In this episode of the 5 Leadership Questions Podcast Todd Adkins and Barnabas Piper sit down with Eric Geiger to talk about killing sacred cows in ministry. Don’t worry it’s not gruesome and now animals were harmed in the making of this podcast. Some wisdom was shared, some good insights were given and anyone serving in any capacity in ministry should listen.
- What is a sacred cow?
- How do values or traditions become sacred cows in ministry?
- What are the negative effects on a ministry and a minister over time if sacred cows are allowed to live?
- How can leaders know when the right time is to give the coup de gras?
- What are some of the most effective ways to lead people through the loss of something they held dear?
“We have a tendency in church ministry to take something God gave us and make it the object of our affection.”
“We confuse the process or the program with the principle.”
“There aren’t many things we turn into an idol in a church context that didn’t once have value.”
“There’s a tendency for a program, a place, or a person to become an idol. A church begins to find its identity in these things.”
“A church calendar in general is the easiest home for sacred cows.”
“Methodology becomes a sacred cow really easily.”
“Sometimes you are more susceptible to church idolatry when you are effective.”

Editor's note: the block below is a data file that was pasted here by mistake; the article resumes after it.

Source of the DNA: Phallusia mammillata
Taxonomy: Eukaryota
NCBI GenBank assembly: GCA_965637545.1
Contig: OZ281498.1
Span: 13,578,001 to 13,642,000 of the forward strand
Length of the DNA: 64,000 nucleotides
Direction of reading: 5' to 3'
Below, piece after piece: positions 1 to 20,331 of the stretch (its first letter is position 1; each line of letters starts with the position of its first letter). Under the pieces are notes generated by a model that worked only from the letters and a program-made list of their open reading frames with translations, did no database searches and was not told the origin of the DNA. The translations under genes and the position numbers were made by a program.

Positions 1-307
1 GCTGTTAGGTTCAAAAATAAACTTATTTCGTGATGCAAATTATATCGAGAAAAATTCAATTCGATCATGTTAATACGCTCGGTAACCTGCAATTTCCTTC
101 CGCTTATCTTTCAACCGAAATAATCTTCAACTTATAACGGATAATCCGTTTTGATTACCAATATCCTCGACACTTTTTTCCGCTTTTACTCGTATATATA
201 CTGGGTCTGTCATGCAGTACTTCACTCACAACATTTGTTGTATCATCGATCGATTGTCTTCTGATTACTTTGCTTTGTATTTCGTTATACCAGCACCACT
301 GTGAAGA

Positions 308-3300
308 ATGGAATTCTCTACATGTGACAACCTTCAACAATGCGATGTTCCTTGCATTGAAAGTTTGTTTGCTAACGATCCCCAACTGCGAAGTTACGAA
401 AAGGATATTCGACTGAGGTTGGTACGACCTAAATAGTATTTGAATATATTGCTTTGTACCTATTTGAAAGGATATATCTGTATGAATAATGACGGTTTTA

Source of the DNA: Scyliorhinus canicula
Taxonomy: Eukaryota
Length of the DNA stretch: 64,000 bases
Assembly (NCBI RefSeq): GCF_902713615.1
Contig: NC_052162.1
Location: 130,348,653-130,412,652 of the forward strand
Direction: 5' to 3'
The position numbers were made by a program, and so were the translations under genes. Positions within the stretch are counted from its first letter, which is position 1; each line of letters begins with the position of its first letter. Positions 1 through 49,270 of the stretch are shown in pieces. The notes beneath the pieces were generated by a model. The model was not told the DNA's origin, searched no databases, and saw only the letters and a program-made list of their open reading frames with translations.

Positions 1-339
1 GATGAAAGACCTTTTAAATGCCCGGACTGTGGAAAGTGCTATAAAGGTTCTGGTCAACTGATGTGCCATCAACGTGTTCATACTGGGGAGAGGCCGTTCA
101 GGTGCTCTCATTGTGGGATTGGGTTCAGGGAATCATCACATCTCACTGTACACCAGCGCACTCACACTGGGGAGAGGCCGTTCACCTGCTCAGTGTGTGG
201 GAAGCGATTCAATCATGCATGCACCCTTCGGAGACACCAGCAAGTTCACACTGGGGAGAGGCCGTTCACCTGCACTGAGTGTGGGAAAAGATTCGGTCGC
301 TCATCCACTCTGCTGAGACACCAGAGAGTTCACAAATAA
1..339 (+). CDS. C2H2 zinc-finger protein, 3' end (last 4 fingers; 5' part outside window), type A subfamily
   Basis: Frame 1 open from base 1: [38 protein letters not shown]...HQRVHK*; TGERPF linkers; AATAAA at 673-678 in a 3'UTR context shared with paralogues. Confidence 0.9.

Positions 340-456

“Our mission is bigger than a person, a place, or a program.”
“You can create a sacred cow out of actually sacred things. It’s always a question of the heart behind them.”
“If you find a church that is dried up and old and ineffective I guarantee it is a pasture full of sacred cows.”
“Change is not a value. It’s a thing that happens when you make decisions.”
“If you wait for it to be obvious that a thing is not working it likely wasn’t working for a very long time.”
“There’s a really turbulent period of time when you’re making a change, and you have to constantly remind yourself of the ‘why’.”
We’d like to thank our sponsor, Southeastern Baptist Theological Seminary. SEBTS is always asking the question, “Where are you going?” They want to equip pastors, missionaries, theologians, scholars and more to obey the commands of Jesus to make disciples anywhere and everywhere God calls them to go. Wherever students are going, Southeastern can help them get there. Southeastern Seminary has a wide range of degrees at many levels and all M.Div. programs now have a stronger core curriculum to better equip students biblically, theologically and practically for their current and future ministries. In addition to a stronger core, the total number of hours required to complete an M.Div. has been reduced to 81-84. They even offer distance education options for those who cannot relocate to North Carolina to study.
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